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Posted: September 10, 2008
The world hasn't ended - first beam fired at CERN's large hadron collider
(Nanowerk News) The world's largest-ever physics experiment has got underway at the Large Hadron Collider (LHC) at CERN, the European Organization for Nuclear Research, in Switzerland. The first beam of protons successfully made its way around the 27 km particle accelerator on the morning of 10 September, to rounds of applause in the LHC Control Room and the great relief of the scientists, some of whom have been waiting for this day for years.
The event paves the way for a new era of discoveries in the field of particle physics. Among other things, the LHC should help scientists answer some key questions about the universe, including the nature of dark matter, what happened right after the big bang, and how many dimensions there are.
'It's a fantastic moment,' said LHC project leader Lyn Evans. 'We can now look forward to a new era of understanding about the origins and evolution of the universe.'
The LHC consists of a vast ring of superconducting magnets, 27 km in circumference, which lies 100 metres underground on the Franco-Swiss border outside Geneva. Inside the ring, two beams of particles (called hadrons) are accelerated around the ring in opposite directions. Powerful magnets guide the particles around the ring, and focus the beams before they meet, to boost the likelihood of two particles colliding. According to CERN, the tiny size of the particles involved means that making them collide is like 'firing needles from two positions 10 km apart with such precision that they meet half way'.
Experimental stations positioned around the ring will detect what happens when particles collide. Their observations will hopefully help scientists to answer a wide range of key questions about the nature of the universe.
The two largest experiments are ATLAS ('A toroidal LHC apparatus') and the CMS ('Compact muon solenoid'). These will both study the particles generated by the collisions, attempting to identify them and measure their paths and energies. The two experiments were designed independently and are based on very different technologies, so any discoveries made by one detector will be able to be cross-checked in the other one.
One of the biggest mysteries the LHC will hopefully help us to unravel concerns the nature of mass. Put simply, we do not know why some particles weigh what they do, and why other particles appear to have no mass at all. Scientists believe a particle called a Higgs boson could explain the situation. The problem is that no-one has ever observed a Higgs boson, so its existence remains unproven. At the LHC, both the ATLAS and the CMS experiments will be on the look out for evidence of this mysterious particle.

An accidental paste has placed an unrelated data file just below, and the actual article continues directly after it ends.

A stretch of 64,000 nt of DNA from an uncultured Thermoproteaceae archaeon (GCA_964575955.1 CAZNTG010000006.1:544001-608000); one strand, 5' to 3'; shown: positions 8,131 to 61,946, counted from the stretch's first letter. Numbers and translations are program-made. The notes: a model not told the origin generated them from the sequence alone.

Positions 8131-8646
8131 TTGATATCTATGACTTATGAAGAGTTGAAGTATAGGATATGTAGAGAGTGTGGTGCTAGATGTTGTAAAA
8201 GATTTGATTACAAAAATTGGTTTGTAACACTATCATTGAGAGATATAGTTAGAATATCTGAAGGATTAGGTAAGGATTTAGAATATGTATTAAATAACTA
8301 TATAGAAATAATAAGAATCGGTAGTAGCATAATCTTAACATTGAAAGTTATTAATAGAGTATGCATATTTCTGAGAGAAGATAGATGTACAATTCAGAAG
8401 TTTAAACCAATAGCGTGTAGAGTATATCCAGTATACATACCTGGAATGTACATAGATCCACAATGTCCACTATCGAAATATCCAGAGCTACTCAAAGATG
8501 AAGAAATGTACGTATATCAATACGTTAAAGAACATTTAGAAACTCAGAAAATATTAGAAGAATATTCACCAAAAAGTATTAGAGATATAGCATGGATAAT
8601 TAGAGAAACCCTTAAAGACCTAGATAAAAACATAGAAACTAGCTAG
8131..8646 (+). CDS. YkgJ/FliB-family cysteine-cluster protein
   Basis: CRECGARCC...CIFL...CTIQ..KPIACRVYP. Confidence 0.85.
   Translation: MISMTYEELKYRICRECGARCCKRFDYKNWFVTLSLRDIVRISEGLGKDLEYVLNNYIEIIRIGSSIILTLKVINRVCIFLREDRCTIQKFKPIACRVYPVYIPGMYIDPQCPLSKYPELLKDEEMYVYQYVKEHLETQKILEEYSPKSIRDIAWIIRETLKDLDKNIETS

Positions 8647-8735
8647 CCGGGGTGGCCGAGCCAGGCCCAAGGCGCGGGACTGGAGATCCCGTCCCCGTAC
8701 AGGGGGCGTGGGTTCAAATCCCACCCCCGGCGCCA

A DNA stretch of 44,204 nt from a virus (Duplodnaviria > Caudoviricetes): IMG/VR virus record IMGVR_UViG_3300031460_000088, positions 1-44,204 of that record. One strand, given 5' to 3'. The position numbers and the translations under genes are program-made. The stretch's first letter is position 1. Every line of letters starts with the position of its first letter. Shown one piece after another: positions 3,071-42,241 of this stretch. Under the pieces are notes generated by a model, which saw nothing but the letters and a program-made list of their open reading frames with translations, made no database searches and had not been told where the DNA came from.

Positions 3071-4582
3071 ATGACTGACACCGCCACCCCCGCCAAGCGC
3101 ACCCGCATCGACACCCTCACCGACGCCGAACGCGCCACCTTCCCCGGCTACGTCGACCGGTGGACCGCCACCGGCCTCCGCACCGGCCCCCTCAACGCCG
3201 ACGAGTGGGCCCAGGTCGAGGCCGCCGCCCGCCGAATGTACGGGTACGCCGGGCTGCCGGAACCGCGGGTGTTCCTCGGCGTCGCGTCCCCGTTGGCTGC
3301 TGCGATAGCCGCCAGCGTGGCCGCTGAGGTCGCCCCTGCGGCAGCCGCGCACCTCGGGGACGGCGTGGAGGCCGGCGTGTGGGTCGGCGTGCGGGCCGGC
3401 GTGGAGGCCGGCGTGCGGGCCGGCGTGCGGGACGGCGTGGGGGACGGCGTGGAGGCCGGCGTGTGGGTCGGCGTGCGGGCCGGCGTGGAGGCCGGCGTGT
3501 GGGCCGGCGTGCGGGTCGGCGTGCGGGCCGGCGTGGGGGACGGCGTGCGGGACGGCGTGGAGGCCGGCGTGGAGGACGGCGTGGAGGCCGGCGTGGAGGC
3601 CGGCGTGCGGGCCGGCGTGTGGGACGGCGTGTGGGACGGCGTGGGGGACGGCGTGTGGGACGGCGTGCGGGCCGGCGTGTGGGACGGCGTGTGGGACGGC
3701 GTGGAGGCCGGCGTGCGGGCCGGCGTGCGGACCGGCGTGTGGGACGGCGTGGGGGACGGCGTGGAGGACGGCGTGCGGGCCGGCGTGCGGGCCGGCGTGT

The LHC will also investigate dark matter. Although this substance makes up some 96% of the universe, we know very little about it. The ATLAS and CMS stations will be used to test theories regarding the make up of dark matter.
Elsewhere at the LHC, the LHCb ('Large Hadron Collider beauty') experiment will probe the differences between matter and antimatter, and attempt to work out why nature appears to favour matter over antimatter.
Meanwhile the ALICE ('A large ion collider experiment') station will investigate the conditions that prevailed in the immediate aftermath of the Big Bang. Finally, all the detectors will attempt to detect evidence of further, hidden dimensions of space.
'This is a historic moment in science; the culmination of decades of work,' commented Keith Mason, head of the UK's Science and Technology Facilities Council, which contributed to the LHC. 'Scientists waiting for the LHC dare to ask the biggest questions that exist in modern science. Whether we discover what we expect or have our theories completely overturned, the physics textbooks will never be the same again.'
Between them, these experiments will generate vast amounts of data - roughly 15 million gigabytes - every year. This data will be managed and analysed with the help of a vast computing grid. Data will undergo initial processing at CERN before being distributed to 11 major computing centres around the world. These centres will pass the data on to 120 centres; these second tier centres have sufficient computing power to store much of the data and carry out complex analyses. Scientists around the world will then be able to access this data from computing clusters or even individual PCs.
The switching on of the first beams at the LHC is a long-awaited moment for many scientists; the idea of building the LHC was first put forward in the early 1980s. In the following years, working groups discussed the kinds of questions such a machine could answer, and the CERN Council gave the green light to the project in 1994. Since then, work on the project has progressed steadily, and the final components of the LHC experiments were moved into position earlier this year. Finally, the entire structure was cooled to within a couple of degrees of absolute zero. In August, scientists successfully sent beams of particles down short lengths of the accelerator in both the clockwise and anti-clockwise directions.
CERN's work is governed by its 20 Member States. The European Commission has observer status at the organisation.
For more information, please visit:
CERN (European Organization for Nuclear Research): http://www.cern.ch
Large Hadron Collider (LHC): http://public.web.cern.ch/Public/en/LHC/LHC-en.html